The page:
Besides Jadeveon Clowney, there is not another more hyped and prized recruit suiting up for a SEC Football team September 3rd than Georgia running back Isaiah Crowell. Crowell was the Pied Piper for this Georgia “Dream Team” recruiting class, and Bulldog fans hope Crowell is the answer for the running game – or lack thereof.
To make an impact as a freshman in the SEC, there has to be a combination of several factors, from being physically ready to play (most aren’t) to stepping into a good situation to fill a need right away. Obviously everything in life depends on timing mixed with a little luck, in business and in sports. Crowell has every opportunity to succeed because he is physically ready, and there is a need to fill in the Bulldogs’ offense…immediately. He was going to be asked to help Caleb King with running back production, but King is now gone from the team. That leaves one – Isaiah Crowell – and a couple of backups in Carlton Thomas and Ken Malcome.
Right now Isaiah Crowell is the same caliber of athlete as both Marcus Lattimore and Michael Dyer upon entering college. Is he as good of a running back? It’s certainly debatable, but we will soon find out. Crowell is as fast as both players, and he has the weight that both players had leading up to their first year. Lattimore was 210 lbs and Dyer was 201 lbs, and Crowell is 210 lbs.
As freshmen, Lattimore rushed for 1,197 yards and 17 touchdowns, while Dyer rushed for 1,093 yards and five touchdowns. Lattimore did carry the football 67 more times than Dyer, which gave Dyer a high yard-per-carry average. Nonetheless, both had incredible numbers as freshmen.
For argument’s sake, let’s stick to the Marcus Lattimore comparison.
Lattimore gave South Carolina a legitimate step up in total offensive production. Before Lattimore, South Carolina averaged 20.6 points per game, had 92 first downs rushing on the year, 3.6 yards-per-carry production from the backs, 121 rushing yards-per-game average, and 12 rushing touchdowns, and they had a 53% ratio in scoring touchdowns in the red zone.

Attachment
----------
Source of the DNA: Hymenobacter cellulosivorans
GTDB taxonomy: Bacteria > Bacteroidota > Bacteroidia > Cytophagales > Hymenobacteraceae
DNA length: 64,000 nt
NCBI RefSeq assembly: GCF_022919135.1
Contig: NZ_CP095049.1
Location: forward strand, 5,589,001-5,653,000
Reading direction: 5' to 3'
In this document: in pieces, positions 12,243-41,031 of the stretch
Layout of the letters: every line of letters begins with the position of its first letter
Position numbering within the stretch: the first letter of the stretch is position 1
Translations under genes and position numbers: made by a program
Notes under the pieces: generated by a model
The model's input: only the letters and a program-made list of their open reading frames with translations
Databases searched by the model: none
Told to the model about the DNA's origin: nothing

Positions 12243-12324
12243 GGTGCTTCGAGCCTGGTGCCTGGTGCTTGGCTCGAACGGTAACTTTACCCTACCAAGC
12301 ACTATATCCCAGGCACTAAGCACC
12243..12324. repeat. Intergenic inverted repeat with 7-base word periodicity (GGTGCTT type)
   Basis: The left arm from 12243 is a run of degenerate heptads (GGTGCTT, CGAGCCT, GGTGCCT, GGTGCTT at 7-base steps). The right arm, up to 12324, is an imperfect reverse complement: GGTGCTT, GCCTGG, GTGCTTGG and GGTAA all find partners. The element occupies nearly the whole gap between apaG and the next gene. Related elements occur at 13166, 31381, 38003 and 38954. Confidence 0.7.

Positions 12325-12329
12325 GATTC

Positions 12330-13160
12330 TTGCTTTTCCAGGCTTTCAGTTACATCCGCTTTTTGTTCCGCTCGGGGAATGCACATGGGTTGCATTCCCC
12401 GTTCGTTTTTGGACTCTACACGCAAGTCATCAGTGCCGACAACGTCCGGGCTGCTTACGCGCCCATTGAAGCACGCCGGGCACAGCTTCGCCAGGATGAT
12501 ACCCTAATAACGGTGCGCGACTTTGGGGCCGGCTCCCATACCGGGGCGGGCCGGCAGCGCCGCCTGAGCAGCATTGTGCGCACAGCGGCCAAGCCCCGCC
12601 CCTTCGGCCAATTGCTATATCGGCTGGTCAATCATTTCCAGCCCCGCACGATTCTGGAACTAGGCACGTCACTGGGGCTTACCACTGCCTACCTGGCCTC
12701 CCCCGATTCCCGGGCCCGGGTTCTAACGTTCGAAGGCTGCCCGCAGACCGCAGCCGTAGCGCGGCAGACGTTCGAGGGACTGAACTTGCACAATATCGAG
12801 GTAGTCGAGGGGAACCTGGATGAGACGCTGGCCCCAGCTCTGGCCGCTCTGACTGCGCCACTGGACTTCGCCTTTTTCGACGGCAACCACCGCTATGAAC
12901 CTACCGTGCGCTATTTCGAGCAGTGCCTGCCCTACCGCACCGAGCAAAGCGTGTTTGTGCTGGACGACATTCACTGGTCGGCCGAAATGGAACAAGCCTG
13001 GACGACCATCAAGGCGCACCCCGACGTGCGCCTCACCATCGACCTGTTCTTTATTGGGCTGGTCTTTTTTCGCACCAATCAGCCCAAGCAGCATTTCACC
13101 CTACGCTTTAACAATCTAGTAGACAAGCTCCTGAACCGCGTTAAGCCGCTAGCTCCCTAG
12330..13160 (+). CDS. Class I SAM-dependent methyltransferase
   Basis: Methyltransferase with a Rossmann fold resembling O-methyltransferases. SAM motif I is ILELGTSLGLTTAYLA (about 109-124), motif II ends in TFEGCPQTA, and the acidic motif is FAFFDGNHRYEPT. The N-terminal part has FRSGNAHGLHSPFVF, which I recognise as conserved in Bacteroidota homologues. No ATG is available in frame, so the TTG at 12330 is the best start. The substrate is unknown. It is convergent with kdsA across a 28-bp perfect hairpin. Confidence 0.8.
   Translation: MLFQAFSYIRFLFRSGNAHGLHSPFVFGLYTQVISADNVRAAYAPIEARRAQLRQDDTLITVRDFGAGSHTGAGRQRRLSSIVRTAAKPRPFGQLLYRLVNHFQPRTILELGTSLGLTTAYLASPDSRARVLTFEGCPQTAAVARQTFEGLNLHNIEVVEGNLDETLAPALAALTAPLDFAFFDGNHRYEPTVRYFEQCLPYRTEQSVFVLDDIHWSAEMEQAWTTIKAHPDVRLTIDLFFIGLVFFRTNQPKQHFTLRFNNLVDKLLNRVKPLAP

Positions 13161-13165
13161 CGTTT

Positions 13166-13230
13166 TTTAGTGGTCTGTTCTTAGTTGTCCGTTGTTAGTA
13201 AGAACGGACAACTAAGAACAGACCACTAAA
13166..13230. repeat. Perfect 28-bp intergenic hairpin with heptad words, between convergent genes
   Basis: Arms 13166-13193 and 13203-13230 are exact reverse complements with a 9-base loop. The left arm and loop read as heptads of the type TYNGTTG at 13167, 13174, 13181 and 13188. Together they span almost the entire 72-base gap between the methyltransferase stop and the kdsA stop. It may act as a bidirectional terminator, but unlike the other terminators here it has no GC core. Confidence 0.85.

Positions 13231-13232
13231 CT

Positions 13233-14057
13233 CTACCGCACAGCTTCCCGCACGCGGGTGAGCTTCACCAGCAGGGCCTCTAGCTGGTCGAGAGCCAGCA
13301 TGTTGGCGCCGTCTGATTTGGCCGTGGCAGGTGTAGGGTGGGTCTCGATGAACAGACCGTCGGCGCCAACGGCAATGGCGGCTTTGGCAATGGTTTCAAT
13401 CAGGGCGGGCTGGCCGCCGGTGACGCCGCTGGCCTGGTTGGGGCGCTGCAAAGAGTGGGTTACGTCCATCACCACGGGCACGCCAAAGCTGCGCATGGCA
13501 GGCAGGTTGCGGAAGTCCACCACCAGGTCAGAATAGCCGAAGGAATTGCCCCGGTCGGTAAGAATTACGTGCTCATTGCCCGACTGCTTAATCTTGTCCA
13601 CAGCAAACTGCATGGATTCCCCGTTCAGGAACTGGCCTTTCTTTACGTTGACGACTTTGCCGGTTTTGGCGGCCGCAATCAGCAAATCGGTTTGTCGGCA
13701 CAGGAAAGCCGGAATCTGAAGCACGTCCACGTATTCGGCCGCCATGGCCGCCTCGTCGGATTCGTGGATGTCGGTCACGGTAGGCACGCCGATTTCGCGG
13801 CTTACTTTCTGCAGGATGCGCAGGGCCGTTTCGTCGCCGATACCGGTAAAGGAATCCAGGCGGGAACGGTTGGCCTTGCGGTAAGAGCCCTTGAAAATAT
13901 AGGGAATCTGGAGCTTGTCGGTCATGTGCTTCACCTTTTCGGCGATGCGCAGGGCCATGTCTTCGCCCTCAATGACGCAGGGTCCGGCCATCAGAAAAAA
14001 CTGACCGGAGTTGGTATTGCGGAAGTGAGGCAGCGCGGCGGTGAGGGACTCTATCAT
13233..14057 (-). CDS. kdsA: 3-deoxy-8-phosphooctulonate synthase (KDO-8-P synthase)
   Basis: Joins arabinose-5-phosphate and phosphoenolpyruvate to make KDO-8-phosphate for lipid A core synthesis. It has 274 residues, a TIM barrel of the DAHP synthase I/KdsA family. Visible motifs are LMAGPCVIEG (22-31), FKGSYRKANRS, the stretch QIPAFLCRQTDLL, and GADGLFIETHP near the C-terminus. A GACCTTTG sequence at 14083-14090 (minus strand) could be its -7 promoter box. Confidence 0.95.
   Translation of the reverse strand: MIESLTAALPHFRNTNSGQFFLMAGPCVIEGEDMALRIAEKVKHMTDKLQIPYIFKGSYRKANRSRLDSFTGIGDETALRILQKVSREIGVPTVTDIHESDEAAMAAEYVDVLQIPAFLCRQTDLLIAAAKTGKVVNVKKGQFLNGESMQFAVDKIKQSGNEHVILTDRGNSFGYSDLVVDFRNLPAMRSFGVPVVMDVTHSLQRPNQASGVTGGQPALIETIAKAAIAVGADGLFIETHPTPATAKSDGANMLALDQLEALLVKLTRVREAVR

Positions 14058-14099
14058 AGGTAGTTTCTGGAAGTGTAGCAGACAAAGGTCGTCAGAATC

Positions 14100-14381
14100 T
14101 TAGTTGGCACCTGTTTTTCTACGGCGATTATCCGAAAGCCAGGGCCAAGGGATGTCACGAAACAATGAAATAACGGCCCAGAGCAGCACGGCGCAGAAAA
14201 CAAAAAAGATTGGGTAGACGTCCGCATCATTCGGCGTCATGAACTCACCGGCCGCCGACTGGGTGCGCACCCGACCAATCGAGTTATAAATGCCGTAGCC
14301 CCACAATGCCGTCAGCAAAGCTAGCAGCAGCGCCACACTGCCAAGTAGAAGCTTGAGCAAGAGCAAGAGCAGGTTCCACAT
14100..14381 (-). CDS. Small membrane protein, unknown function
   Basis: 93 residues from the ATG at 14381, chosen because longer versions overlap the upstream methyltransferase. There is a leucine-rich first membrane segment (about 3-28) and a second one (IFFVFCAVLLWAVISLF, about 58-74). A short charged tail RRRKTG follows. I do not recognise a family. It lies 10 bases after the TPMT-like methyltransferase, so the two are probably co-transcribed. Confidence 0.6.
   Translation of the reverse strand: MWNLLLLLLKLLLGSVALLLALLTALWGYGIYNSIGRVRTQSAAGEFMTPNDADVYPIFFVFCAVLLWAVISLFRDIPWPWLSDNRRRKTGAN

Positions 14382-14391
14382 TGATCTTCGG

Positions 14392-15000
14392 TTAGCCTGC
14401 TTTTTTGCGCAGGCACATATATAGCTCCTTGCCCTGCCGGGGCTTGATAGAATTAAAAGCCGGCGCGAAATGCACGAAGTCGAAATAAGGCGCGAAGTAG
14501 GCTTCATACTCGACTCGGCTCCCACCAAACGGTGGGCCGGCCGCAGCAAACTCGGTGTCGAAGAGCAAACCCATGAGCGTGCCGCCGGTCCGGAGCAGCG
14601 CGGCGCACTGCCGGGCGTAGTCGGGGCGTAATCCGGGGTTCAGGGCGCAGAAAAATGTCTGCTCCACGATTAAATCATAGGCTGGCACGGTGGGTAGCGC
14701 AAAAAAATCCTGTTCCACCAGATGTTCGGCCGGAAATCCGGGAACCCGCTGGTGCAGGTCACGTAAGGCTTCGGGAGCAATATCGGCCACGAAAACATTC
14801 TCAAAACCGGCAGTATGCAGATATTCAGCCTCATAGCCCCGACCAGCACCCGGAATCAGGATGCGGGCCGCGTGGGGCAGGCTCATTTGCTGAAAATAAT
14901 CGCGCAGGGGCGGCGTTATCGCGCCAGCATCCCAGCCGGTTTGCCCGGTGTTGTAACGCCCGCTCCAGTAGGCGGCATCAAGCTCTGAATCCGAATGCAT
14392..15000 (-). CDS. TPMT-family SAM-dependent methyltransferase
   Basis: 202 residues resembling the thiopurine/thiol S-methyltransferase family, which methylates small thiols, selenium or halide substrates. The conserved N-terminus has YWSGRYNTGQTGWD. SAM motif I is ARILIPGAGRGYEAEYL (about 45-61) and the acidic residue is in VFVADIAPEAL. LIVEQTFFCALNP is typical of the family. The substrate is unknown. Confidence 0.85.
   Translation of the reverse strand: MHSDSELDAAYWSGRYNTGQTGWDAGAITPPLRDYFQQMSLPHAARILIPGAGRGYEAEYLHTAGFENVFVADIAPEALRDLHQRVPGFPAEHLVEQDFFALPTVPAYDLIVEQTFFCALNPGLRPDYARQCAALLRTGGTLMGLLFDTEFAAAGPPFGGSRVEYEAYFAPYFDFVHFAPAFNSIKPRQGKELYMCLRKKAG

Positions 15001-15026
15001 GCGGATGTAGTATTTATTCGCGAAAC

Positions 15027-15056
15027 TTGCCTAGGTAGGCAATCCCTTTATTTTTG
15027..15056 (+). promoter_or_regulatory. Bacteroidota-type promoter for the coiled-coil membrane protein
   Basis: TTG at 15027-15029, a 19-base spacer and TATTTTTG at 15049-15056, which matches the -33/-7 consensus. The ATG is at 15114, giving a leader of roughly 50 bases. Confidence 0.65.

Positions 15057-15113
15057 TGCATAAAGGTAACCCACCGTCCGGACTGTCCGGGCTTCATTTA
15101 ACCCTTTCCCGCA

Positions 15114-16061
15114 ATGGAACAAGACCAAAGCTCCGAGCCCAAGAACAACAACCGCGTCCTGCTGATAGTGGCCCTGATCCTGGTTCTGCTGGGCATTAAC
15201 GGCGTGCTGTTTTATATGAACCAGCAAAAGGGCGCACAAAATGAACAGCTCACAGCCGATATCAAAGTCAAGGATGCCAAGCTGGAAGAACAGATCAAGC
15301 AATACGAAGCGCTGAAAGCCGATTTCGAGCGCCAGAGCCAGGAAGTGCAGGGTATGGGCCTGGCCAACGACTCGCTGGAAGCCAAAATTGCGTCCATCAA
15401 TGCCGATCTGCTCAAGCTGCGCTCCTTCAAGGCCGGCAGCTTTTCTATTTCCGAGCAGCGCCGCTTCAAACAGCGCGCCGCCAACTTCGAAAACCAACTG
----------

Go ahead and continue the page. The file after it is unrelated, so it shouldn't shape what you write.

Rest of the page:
With Lattimore, USC boosted in every category. The Gamecocks averaged 30.9 points per game, 130 first downs rushing, 4.1 yards per carry, 154 rushing yards per game and 26 rushing touchdowns. More importantly, this team increased to scoring 68% of their red zone tries into touchdowns. That is a 15% increase.
Physically, Crowell certainly looks the part, but can he get to those numbers?
I’m just not convinced, and here’s why:
Isaiah Crowell could be as good and have all the physical tools as the best running back in the country, but what could hold him back is not himself; rather, it is more of the situation he is stepping into.
South Carolina’s offense is built around more four-wide sets with a single back, leaving more holes in the defense to run the football without a blocking fullback. In Spurrier’s offense, we all know he loves to throw the football, and it comes mostly in more than two-wide receiver sets. However, I will say Spurrier has been running the football more than he ever has in his coaching career over the last three to four years.
Michael Dyer is in the same situation in Gus Malzahn’s offense at Auburn.
Mark Richt’s offense, on the other hand, is built around more of a traditional two-wide receiver set and an I-formation backfield. Richt always utilizes the fullback in his offense running the football. Now, I’m not saying Georgia does not show four-wide receiver sets because they do, but Richt utilizes less four-wide sets than Spurrier.
Another reason I’m questioning the impact level is because of the offensive line. The Bulldogs lost their best offensive lineman Trinton Sturdivant to his third ACL injury. They only return two starters now in tackle Cordy Glenn and center Ben Jones. This offensive line depth is paper thin, and the experience level is of major concern.
With a pro-style offense combined with numerous questions surrounding the offensive line, I am just led to believe Crowell’s impact as a true freshman will not be as great as Lattimore or Dyer’s.